Previously published on Jing Daily on Sept13. Article by Zheyu Chen

Who says no to a tasty cake delivered in a gorgeous gift box? The correct answer: no one. On the eve of the Mid-Autumn Festival, which is celebrated on September 13 this year, many Western luxury brands have created their own specially designed mooncake gift boxes for valued customers and business associates. As part of their globalization strategies, brands are increasingly paying more attention to local holidays, like the Mid-Autumn Festival, especially those heavily reliant on the lucrative Chinese market.

The Mid-Autumn Festival originated as an East Asian festival mainly for Chinese and Vietnamese populations to celebrate the harvest. It’s a time for families and friends to gather together, under the light of the full moon, to give thanks for the harvest or harmonious unions. Corresponding with this, a round, rich pastry filled with various pastes — red bean and lotus seed are the most common ones — named ‘mooncakes’ are baked and enjoyed.

Today, the Mid-Autumn Festival has transformed from a regional holiday to a world-recognized festival and eating mooncakes remains the most rooted tradition. Luxury brands have smartly adopted this tradition to not only show their fashion acumen through their elaborately designed mooncake gift boxes, but also to connect with the wider world and their traditions.

Here we review the efforts of seven luxury brand’s mooncake gift boxes in terms of  brand specialty, cultural interpretation, and how they taste.

Photo: Courtesy of Fendi


Fendi’s mooncake gift box ranks first in creativity and cultural interpretation, as the brand’s design reminds us of three Chinese traditional crafts, which they’ve cleverly combined rather than separated. The shape of the box looks like a sophisticated lunch box used in Forbidden City in ancient times. It includes a light, which when you turn it on, transforms the box into a lantern (one of the ancient lighting tools). It also contains a transparent rotatable ‘Pingfeng,’ an item of Chinese classical furniture used to block the wind or sight. In terms of brand specialtyFendi has printed their logo on the outside of the gift box and on each mooncake housed inside it. As for taste, the mooncakes reflect both the traditional Chinese culture along with a more modern Western approach. One is filled with red wine cranberry (Western); another is filled with egg yolk lotus (traditional). Overall, Fendi’s identity echoes the theme of Mid-Autumn Festival throughout, making it an elegant, versatile, and tasty gift box.

Courtesy of Mr. Bags


Dior’s mooncake gift box may be the most romantic one. When opening both sides of the box, a Chinese folding fan opens as well, revealing an aromatherapy candle and eightmooncakes. The box is colored midnight blue and dotted with gold stars and Christian Dior’s signature, with each mooncake stamped with an individual letter, spelling Dior. The presentation makes for an elegant and rather romantic approach to celebrating the Mid-Autumn Night.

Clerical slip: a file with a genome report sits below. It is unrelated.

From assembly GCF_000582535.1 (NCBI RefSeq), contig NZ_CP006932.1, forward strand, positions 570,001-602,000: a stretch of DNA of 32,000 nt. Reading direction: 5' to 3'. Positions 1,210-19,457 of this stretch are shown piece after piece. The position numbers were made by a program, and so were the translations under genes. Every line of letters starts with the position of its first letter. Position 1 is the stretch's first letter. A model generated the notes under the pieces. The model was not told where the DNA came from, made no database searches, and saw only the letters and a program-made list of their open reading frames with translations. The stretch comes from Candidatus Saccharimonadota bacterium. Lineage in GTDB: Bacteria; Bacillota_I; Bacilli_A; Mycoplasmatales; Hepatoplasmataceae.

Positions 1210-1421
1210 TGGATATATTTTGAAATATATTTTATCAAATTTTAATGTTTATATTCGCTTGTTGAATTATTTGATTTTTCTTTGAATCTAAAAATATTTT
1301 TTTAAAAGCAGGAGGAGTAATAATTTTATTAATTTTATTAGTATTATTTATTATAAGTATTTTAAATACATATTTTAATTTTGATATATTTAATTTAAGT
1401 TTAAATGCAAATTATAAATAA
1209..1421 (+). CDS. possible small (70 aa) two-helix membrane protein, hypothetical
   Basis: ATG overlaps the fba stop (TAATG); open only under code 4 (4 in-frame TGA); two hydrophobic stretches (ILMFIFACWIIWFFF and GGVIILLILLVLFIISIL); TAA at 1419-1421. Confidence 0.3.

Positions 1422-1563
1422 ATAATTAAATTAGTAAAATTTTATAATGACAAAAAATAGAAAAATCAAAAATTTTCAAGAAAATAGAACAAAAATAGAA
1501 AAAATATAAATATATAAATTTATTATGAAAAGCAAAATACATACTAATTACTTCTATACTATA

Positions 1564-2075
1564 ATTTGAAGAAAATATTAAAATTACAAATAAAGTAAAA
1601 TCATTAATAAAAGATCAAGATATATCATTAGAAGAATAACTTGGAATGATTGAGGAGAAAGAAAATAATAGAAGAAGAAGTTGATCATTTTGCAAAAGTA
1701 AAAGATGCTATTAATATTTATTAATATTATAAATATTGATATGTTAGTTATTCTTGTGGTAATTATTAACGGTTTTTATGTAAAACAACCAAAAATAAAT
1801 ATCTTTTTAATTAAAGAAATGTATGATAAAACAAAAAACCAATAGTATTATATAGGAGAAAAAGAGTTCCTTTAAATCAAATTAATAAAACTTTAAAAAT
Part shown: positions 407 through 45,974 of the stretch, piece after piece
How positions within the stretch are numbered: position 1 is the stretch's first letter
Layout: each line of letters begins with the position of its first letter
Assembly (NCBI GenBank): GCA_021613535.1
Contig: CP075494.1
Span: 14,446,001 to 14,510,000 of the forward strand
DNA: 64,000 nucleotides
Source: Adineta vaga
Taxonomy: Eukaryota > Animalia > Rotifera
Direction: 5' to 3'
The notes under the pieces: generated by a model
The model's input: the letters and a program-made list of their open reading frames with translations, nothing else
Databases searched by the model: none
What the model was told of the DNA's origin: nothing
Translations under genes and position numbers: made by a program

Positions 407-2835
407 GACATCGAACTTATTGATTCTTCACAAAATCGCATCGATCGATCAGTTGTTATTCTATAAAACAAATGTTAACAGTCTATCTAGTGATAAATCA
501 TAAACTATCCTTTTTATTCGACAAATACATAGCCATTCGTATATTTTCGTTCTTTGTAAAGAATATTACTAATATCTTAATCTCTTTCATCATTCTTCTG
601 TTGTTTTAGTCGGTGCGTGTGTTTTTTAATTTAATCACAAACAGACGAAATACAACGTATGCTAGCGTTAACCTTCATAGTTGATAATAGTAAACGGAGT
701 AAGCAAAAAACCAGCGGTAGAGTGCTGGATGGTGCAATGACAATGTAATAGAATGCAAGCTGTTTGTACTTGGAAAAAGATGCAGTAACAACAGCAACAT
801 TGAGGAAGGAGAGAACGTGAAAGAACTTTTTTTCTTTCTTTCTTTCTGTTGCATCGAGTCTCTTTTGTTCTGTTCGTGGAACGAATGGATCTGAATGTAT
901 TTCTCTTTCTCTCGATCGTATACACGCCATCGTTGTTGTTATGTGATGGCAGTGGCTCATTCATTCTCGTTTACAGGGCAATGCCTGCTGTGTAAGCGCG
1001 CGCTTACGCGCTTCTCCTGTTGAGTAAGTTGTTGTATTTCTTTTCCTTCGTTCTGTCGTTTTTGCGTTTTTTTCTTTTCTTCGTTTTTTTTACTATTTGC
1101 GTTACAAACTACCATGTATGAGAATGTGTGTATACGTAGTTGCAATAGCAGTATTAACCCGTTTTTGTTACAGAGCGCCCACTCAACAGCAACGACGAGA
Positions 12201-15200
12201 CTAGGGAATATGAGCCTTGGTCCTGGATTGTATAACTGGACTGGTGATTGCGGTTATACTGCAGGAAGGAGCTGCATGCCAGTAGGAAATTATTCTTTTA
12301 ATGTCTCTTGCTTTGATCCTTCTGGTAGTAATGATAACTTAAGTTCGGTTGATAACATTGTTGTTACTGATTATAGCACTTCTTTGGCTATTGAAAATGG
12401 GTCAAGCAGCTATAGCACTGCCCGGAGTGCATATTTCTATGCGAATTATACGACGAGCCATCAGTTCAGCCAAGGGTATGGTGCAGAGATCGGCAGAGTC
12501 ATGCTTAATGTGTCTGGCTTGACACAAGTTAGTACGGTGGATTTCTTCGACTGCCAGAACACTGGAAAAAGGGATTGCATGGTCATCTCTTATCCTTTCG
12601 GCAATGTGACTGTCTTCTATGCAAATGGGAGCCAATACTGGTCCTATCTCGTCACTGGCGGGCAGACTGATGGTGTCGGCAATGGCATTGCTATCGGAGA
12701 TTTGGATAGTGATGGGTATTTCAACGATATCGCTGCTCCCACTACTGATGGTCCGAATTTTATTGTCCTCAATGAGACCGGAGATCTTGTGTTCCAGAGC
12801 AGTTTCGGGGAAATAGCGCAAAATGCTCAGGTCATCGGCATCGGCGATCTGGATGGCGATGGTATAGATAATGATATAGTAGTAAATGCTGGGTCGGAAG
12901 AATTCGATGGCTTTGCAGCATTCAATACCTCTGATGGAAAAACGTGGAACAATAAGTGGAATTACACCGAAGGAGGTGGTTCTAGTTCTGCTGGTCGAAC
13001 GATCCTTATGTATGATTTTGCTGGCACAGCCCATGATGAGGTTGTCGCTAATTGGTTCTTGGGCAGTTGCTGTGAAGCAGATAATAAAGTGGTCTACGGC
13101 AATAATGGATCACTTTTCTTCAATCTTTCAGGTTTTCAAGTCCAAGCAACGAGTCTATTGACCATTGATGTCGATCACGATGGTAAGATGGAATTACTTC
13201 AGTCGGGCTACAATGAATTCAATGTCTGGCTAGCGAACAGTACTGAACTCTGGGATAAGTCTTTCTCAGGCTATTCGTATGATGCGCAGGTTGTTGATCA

Photo: Courtesy of Louis Vuitton

Louis Vuitton

This year, Louis Vuitton took us back to our childhood with their striking orange and navy blue colored gift box. Inside, there’s a playful blue hot air balloon floating in the ‘lucky clouds’ (a symbol of best wishes in China). The balloon itself is hollow and decorated with LV’s classic four-leaf clover logo. But unlike other brands, Louis Vuitton skips including mooncakes and instead offers five different-color chocolates, which is yet another surprise for this inviting, inventive gift box.

Courtesy of Tiffany

Tiffany & Co.

Tiffany & Co.’s mooncake gift box is inspired by the art of Chinese paper cutting. They applied two layers of hollow carved paper boxes to recreate the famous windows of Tiffany’s headquarters on 727 Fifth Avenue, but what really ties it together with Chinese traditional culture is what happens when you turn on the light on the bottom of the box — the entire gift box turns into a traditional Chinese folkcraft lantern. As for the mooncakes, they’re tucked away in Tiffany blue boxes. Another thing we really liked about Tiffany’s approach was that it was practical. Once you’ve finished your mooncakes, the box itself can be used as a stylish table lamp.

Courtesy of Prada


Prada went with an entirely different approach, creating a circular gift box printed in their popular banana print. Once opened, six mooncakes were arranged in a circle, expressing the meaning of reunion perfectly, which is the main point of the Mid-Autumn Festival. Though it was less ornate than the other gift boxes, we thought Prada did a great job of staying on brand while also capturing the meaning of the festival.

Courtesy of Mr. Bags


Gucci produced probably the most expensive mooncake gift box this year, but still lost the battle because of a lack of cultural resonance. Gucci’s mooncakes come in a heavy red suitcase, with six mooncakes housed in six tin boxes, each decorated with a different Gucci pattern, and finally, they’ve included a portable chess set on the left side of the box. The problem with Gucci’s design, apart from the mooncakes themselves, is that there’s very little related to the Mid-Autumn Festival. To be sure, Gucci nailed it on brand identity but forgot about the cultural aspect of the festival. 

Courtesy of Mr. Bags


Burberry’s 2019 Chinese New Year campaign proved to be a total failure because of their cultural misreading. Sadly, the brand seems to have learned little from their past mistake. The outer box is coated entirely with Burberry logos, and the four mooncakes inside, each in a small box, are simply printed with two letters each, spelling Burberry’s. Maybe it took a perfect score in the brand specialty, but in terms of cultural interpretation, Burberry turned in a disappointing answer.

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